Write a Blog >>
ASE 2020
Mon 21 - Fri 25 September 2020 Melbourne, Australia

Is Software Engineering Research Addressing Software Engineering Problems?

Gail Murphy

Abstract: Brian Randell described software engineering as “the multi-person development of multi-version programs”. David Parnas has expressed that this “pithy phrase implies everything that differentiates software engineering from other programming”. How does current software engineering research compare against this definition? Is there currently too much focus on research into problems and techniques more associated with programming than software engineering? Are there opportunities to use Randell’s description of software engineering to guide the community to new research directions? In this talk, I will explore these questions and discuss how a consideration of the development streams used by multiple individuals to produce multiple versions of software opens up new avenues for impactful software engineering research.

Biography: Gail C. Murphy is a Professor of Computer Science and Vice-President Research and Innovation at the University of British Columbia. She is also a co-founder at Tasktop Technologies Inc. Her research interests are in improving the productivity of software developers and knowledge workers by giving them tools to identify, manage and coordinate the information that really matters for their work. She is a Fellow of the ACM and a Fellow of the Royal Society of Canada. She is the recipient of the 2018 IEEE Computer Society Harlan D. Mills award and a previous recipient of an NSERC E.W.R. Steacie Award and the AITO Dahl-Nygaard Junior Prize.

Safety and Robustness for Deep Learning with Provable Guarantees

Marta Kwiatkowska

Abstract:Computing systems are becoming ever more complex, with decisions increasingly often based on deep learning components. A wide variety of applications are being developed, many of them safety-critical, such as self-driving cars and medical diagnosis. Since deep learning is unstable with respect to adversarial perturbations, there is a need for rigorous software development methodologies that encompass machine learning components. This lecture will describe progress with developing automated verification and testing techniques for deep neural networks to ensure safety and robustness of their decisions with respect to input perturbations. The techniques exploit Lipschitz continuity of the networks and aim to approximate, for a given set of inputs, the reachable set of network outputs in terms of lower and upper bounds, in anytime manner, with provable guarantees. We develop novel algorithms based on feature-guided search, games, global optimisation and Bayesian methods, and evaluate them on state-of-the-art networks. The lecture will conclude with an overview of the challenges in this field.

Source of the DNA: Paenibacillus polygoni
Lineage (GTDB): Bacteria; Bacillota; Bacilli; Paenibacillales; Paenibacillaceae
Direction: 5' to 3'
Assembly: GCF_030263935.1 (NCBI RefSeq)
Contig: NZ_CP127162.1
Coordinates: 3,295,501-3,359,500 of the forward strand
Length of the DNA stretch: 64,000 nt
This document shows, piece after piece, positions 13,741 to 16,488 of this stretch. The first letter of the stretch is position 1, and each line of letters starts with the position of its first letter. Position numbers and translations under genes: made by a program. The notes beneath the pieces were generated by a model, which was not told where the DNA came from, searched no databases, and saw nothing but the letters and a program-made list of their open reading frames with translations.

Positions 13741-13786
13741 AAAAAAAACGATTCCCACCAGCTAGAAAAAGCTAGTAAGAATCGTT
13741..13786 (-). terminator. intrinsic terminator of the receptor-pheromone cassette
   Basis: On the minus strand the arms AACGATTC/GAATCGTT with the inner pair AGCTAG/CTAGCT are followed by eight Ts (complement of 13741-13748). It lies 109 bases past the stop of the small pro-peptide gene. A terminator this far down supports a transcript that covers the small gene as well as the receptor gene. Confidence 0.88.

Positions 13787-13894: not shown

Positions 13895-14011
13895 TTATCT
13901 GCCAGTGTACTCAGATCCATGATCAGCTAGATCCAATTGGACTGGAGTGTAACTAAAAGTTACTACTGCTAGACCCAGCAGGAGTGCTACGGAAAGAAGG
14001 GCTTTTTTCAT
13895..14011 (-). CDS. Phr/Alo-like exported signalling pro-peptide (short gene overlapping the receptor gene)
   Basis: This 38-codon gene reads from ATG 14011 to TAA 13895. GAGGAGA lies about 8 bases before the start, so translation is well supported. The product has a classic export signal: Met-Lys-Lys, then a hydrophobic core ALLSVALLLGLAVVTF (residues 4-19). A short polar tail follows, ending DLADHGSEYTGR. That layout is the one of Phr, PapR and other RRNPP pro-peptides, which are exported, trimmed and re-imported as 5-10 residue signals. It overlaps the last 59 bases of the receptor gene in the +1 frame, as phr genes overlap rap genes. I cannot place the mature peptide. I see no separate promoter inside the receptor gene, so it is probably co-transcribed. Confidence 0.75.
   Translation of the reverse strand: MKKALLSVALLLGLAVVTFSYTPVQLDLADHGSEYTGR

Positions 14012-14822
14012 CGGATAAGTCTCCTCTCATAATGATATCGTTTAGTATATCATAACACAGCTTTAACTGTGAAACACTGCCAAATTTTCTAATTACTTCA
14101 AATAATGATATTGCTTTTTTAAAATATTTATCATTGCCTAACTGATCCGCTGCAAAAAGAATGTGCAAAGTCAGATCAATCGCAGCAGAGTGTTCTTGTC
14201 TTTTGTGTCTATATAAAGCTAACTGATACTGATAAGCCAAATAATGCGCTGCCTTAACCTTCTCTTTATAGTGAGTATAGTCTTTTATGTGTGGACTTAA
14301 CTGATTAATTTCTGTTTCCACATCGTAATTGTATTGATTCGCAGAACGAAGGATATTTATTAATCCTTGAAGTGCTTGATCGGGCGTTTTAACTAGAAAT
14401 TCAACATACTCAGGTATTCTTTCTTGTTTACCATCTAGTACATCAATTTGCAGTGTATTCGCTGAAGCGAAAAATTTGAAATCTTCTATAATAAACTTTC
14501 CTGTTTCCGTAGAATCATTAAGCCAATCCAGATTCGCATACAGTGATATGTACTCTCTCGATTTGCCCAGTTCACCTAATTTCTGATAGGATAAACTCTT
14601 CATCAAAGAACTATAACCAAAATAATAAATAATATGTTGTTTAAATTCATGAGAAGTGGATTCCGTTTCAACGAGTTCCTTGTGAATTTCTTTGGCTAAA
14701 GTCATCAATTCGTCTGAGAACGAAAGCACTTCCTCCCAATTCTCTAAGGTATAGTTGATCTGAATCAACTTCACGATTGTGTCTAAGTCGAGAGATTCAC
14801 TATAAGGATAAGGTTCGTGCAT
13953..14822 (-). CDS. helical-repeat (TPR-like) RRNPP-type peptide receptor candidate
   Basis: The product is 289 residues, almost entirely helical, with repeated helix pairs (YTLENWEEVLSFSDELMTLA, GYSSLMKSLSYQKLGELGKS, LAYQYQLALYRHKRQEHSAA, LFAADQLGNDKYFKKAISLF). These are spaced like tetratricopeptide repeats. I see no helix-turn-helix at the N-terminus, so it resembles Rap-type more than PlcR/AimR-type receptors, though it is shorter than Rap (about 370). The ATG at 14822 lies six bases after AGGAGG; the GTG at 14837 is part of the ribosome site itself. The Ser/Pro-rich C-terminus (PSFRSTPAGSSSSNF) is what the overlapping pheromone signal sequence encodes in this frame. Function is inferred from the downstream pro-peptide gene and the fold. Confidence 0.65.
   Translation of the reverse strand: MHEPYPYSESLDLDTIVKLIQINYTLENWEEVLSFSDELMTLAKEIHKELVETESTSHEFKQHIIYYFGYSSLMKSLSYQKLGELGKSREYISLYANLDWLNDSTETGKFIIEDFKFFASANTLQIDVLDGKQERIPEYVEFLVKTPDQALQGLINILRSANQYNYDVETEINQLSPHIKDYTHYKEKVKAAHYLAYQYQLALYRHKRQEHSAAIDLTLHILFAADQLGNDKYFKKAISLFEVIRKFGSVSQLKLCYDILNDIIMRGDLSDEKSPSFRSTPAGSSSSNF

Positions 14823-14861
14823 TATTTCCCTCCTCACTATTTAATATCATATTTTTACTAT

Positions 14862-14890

Biography:Marta Kwiatkowska is Professor of Computing Systems and Fellow of Trinity College, University of Oxford. She is known for fundamental contributions to the theory and practice of model checking for probabilistic systems, focusing on automated techniques for verification and synthesis from quantitative specifications. She led the development of the PRISM model checker www.prismmodelchecker.org, the leading software tool in the area and winner of the HVC Award 2016. Probabilistic model checking has been adopted in diverse fields, including distributed computing, wireless networks, security, robotics, healthcare, systems biology, DNA computing and nanotechnology, with genuine flaws found and corrected in real-world protocols. Kwiatkowska is the first female winner of the Royal Society Milner Award, winner of the BCS Lovelace Medal and was awarded an honorary doctorate from KTH Royal Institute of Technology in Stockholm. She won two ERC Advanced Grants, VERIWARE and FUN2MODEL, and is a coinvestigator of the EPSRC Programme Grant on Mobile Autonomy. Kwiatkowska is a Fellow of the Royal Society, Fellow of ACM, EATCS and BCS, and Member of Academia Europea.

Evolution in the automation of CI/CD

Mahesh Krishnan

Abstract:There was a time when developers wrote a document containing the steps needed to install new software and handed it over to the Operations folk to deploy. We've come a long way from those days as we've moved away from infrequent, manual deployment to frequent, high quality, automated deployments.

This talk covers the evolution of automation in Continuous Integration and Continuous Deployment, the problems we have solved and the new kind of challenges we face, as we move from on-prem installations to the cloud.

Biography: Mahesh Krishnan, who currently works at AGL Energy, has held a variety of jobs in the IT industry including that of Developer, Architect and Chief Technology Officer. He speaks regularly at industry conferences and has also written a couple of books. He has been awarded Most Valuable Professional (MVP) by Microsoft several times for his contribution in the space of Microsoft Azure.